A lot of people feel uncomfortable talking about money, even in those situations where they have every reason to, like wanting to get paid for services rendered. If you’re a freelancer, you’re working for yourself, which means you handle every aspect of the business, and that includes setting your pay. You don’t want to drive people away by charging too much, and yet you don’t want to go broke by charging to little.
Here’s a list of things to consider when you’re trying to figure out how much to charge a client.
When it comes to billing, remember that no two jobs, or two clients, are the same.
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Unless you know the person you’re working for, there’s always the chance that you may get stiffed on your pay. Some designers and writers ask for a deposit up front, say 50%. In the world of freelance writing, some companies draw up a contract where you get one-third of your money when you sign the papers, another third when you deliver the first draft, and the last third when you submit the final draft.
Flat Rate Versus Variable Rate
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Do you do one rate fits all pricing, or do you want it to vary? While it’s certainly easier to just assign a flat rate to all projects, that’s not taking into account the possibility of having to do extra work. And let’s face it, which is more likely to happen with a project: it ends up taking less time than expected, or takes more time? Right. When choosing a rate, you might also want to consider an odd-even pricing strategy. So, with that in mind …
How Many Hours Will It Take?
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This requires a good knowledge of your own work habits. How long does it take you to design a logo, or write a blog entry? Once you get a good grasp on your typical pace, you need to figure out how many hours you think the project will need. Remember that you’re not only getting paid to use your talents, you’re also getting paid for the hours of your life you would otherwise be doing other things with. The hours that you work on the project are called “billable hours”, which is the time spent directly working on the project or meeting the client(s) about the specific project in question.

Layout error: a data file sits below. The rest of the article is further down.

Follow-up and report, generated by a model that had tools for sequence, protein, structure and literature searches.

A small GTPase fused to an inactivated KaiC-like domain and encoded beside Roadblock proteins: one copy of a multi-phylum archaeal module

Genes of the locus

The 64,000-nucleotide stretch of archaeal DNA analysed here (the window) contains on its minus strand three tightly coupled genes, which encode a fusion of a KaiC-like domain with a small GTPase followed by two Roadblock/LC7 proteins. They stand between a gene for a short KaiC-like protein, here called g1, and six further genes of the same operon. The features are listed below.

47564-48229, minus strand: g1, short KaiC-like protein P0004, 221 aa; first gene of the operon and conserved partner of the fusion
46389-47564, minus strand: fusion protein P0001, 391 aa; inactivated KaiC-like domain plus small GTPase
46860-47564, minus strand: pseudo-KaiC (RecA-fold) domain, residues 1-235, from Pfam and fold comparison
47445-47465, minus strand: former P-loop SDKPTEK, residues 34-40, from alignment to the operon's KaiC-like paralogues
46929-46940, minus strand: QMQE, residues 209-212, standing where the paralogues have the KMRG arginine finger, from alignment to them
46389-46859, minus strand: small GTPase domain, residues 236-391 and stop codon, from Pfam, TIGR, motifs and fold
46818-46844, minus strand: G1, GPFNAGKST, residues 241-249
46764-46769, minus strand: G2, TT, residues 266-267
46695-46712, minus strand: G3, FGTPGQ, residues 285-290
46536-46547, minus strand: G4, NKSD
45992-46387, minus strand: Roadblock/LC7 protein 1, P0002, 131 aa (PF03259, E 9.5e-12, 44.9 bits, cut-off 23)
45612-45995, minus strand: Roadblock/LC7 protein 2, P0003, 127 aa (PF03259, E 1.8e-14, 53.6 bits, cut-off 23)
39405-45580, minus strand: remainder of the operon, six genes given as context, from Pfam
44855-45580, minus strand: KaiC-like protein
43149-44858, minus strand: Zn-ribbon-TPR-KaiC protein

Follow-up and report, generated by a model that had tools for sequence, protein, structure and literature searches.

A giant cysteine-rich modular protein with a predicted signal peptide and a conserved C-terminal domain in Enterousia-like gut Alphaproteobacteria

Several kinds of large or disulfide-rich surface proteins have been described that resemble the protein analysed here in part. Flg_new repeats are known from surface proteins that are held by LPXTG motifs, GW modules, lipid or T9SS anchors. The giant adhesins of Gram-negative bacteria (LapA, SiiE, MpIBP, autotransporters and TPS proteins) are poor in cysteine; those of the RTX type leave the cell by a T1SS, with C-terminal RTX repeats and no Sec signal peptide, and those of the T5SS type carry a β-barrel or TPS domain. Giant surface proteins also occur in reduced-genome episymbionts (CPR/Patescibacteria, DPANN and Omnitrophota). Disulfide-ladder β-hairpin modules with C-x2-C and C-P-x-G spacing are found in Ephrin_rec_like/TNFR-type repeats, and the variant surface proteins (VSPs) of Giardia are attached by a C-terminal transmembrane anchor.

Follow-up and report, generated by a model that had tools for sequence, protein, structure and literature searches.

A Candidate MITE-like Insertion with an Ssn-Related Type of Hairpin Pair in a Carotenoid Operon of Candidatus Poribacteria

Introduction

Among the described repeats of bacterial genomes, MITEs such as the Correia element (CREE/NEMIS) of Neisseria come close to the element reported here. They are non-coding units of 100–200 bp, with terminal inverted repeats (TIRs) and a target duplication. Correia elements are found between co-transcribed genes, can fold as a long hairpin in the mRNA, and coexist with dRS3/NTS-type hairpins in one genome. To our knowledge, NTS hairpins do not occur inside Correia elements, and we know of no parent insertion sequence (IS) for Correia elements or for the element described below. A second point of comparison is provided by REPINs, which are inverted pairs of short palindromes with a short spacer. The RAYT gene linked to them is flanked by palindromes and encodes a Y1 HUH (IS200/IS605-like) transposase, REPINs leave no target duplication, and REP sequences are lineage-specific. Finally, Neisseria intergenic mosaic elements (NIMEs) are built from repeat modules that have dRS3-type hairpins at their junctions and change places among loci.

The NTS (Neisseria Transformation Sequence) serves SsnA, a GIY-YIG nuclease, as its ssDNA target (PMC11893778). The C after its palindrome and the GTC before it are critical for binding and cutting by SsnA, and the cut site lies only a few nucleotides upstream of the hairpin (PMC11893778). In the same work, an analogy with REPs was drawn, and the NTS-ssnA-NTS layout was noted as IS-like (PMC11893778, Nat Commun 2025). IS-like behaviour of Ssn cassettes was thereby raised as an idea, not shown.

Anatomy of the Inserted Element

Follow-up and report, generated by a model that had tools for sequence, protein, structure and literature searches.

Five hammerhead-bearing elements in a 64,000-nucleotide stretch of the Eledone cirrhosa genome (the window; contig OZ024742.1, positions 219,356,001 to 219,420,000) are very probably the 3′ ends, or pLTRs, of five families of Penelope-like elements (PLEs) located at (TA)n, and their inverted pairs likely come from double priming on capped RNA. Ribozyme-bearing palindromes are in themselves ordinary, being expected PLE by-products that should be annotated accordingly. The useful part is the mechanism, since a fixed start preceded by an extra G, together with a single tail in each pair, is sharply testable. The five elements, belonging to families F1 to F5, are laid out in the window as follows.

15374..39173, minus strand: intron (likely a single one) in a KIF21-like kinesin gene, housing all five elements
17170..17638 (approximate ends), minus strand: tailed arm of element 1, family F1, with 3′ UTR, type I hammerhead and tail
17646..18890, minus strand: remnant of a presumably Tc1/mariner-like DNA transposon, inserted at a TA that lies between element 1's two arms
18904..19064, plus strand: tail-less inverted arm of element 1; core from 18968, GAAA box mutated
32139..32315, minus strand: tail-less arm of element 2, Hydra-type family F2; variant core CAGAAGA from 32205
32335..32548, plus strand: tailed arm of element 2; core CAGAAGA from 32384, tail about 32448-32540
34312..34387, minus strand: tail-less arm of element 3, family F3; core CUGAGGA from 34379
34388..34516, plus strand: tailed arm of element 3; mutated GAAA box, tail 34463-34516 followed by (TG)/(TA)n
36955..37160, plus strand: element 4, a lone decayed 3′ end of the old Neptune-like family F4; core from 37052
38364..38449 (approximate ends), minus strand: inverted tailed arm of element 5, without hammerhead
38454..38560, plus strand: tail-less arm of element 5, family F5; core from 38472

Does It Require More Than Just Design/Writing?
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Whether you’re designing a web page, making a masterpiece on Photoshop, or writing a white paper on a product, you need to ascertain if the project will require more work than the simple act of creation. Are you expected to visit the client for planning meetings or progress reports? Does the subject require extensive research? Do you need to track people down to get information? Who knows, perhaps you need to take a trip out to acquire specific tools for the job. You need to make sure that you have a good idea of just how much time, from start to finish, the project will take.
Do You Give A Break To Loyal Repeat Customers?
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Some designers give a break to regular customers, sort of a way to foster ongoing goodwill. Maybe you give them a price break if they give a referral who then hires you. This is something you should nail down before you even charge your first customer.
What Forms of Payment Do You Accept?
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Every form of payment has its positives and negatives. If you accept checks only, then you can deposit them with no worries about fees, but you’re also vulnerable to the old “check’s in the mail” dodge. You can do PayPal, but the service does have its 2% fee, and it takes a few days to transfer the money from your PayPal account to your regular bank account. Maybe you accept all of them and hope for the best!
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Whatever you end up charging, remember to factor in the unpleasant reality of taxes. As a self-employed professional, you’re responsible for all Federal, State, FICA, and Medicare taxes, and that can really add up.
You will notice that for all of the words dedicated to this subject, there’s been no mention of actual hard numbers. That’s because it varies depending on what your profession is. Here’s a quick formula you can try out. Say that a graphic designer makes $65,000 a year, and you’re doing it freelance. Let’s also say that you incur $5,000 a year in work-related expenses. That gets you to $70,000. If you’re a full-time freelancer working a 40 hour week, but only 30 of those hours are billable hours, then you multiply 30 by 52 (as in, weeks in a year), which means 1,560 billable hours a year. Dividing $70,000 by 1,560 gets you $44.8, but let’s round it up to $45. There you go; $45 an hour.
Whatever you do, don’t work for free. That sets a dangerous precedent.
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